My research and writing interests are highly interdisciplinary, and are both literary and anthropological. My interest in comparative post-colonial studies arises from my background as a native Puerto Rican who was raised in the United States, but who has studied and traveled across the world.

The experience of being a Latina Caribbean islander abroad made me better understand the parallels of immigration and dual identity from the comparative perspective of what would be my métropole as a Puerto Rican (New York) and the métropoles of the majority of Caribbean islanders (Paris or London). Having also spent much time in Madrid and Paris, I learned that the relationships that Spain and France held vis-à-vis their North African immigrants were very different, with parallel yet unique legacies of colonialism. I also found that there exists a shared sense of what it means to be an immigrant with multiple identities that may be witnessed and traced globally. That is why examining transnational identities across regions and Diasporas. It is not only a research dilemma, it is a part of who I am.

My book, "Immigration, Popular Culture, and the Re-Routing of European Muslim Identity," published by Palgrave Macmillan, explores contemporary North African immigration to Spain and Europe through the analysis of novels, film, and hip-hop produced by and about immigrants. In the book, I define and examine cultural production through the lens of the Traslado, a working term that I use to trace the translation and transfer of cultural memory and national identity through a focus on immigrants who have been moving between and transcending national spaces.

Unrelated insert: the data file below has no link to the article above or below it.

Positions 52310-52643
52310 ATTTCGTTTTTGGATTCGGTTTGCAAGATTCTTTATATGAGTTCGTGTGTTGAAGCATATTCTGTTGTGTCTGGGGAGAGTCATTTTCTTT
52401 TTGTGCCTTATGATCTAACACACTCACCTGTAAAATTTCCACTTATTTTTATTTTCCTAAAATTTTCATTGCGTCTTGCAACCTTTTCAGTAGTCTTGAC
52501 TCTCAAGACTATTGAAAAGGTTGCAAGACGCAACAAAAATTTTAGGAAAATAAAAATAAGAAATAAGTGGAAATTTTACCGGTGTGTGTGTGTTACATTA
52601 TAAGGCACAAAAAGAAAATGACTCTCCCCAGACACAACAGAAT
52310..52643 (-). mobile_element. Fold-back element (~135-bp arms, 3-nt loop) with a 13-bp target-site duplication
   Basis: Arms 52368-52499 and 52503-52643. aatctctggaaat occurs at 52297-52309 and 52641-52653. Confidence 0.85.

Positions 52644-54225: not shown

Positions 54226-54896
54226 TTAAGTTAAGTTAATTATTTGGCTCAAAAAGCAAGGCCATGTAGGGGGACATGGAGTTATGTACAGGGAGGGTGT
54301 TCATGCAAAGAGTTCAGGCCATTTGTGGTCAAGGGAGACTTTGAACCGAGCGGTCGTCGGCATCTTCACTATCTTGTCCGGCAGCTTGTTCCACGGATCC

I hold a PhD from the University of Pennsylvania in Romance Languages (with an emphasis in Spanish), an MA from NYU in French, and a BA in Spanish and French from Dartmouth College. I have been widely published in academic journals, periodicals, and magazines about cross-cultural immigrant dynamics, transnational identities, global politics, and women’s issues.


  • Immigration, transnationalism, and cross-cultural identity creation
  • Hip-hop as a tool for societal and identity-based contestation and affirmation
  • Exchanges between Hispanic and Francophone post-colonial texts
  • North African literature, culture and society
  • Comparative women, gender and border studies across regions, nationalities
  • Popular culture, contemporary film, and social media in North Africa and Latin America